WebHeader_Grove.jpg
Play Live Radio
Next Up:
0:00
0:00
Available On Air Stations
5 new or upgrading sustainers will unlock $5K for NHPR. Make your sustaining gift today!
The Exchange
0000017a-15d9-d736-a57f-17ff8a390002"A national treasure in our backyard"It spans more than 13,000 acres. Nearly a quarter of the state’s population lives within its watershed. In a 2010 series, Amy Quinton looked at the trouble pollution poses to the health of this critical estuary, and some proposed solutions for returning the Seacoast’s Great Bay to health.Now, NHPR's Environment Reporter Sam Evans-Brown brings you continuing coverage of the efforts being made in the Great Bay.Coverage supported by Penn State Public Media.Great Bay Watershed Map | More Great Bay Images

New Hampshire's Hidden Coast: The Health Of Our Estuaries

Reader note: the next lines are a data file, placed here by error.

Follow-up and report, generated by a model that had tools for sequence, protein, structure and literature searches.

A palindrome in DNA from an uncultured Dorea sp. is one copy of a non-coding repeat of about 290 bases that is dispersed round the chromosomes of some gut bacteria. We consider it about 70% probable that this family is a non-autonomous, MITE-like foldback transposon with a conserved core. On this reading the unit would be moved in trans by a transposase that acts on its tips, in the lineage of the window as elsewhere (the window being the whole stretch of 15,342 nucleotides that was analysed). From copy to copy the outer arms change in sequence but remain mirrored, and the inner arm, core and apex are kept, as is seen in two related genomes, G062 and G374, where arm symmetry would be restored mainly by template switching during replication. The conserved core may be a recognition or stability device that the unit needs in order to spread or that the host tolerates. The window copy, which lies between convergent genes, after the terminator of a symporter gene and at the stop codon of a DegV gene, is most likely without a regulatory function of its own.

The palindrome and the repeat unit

greatbayreserve1.jpg
Great Bay National Estuarine Reserve
/

An estuary is where freshwater rivers meet the ocean, making up a fragile yet vital eco-system for wildlife, fish, and people.  Now a new report on the Great Bay and Hampton-Seabrook Estuaries shows continuing trouble for this region, and introduces comprehensive strategies for keeping the area healthy. 

GUESTS:

  • Ted Diers - Administrator for the Watershed Management Bureau at the N.H. Department of Environmental Services. 
  • Jennifer Perry - Public Works Director for Exeter.
  • Cory Riley - Reserve manager at the Great Bay National Estuarine Research Reserve.
  • Rachel Rouillard - Executive Director for PREP (Piscataqua Region Estuarine Partnership), which works to protect and preserve state estuaries including the Great Bay Estuary and the Hampton-Seabrook Estuary. 
Related Content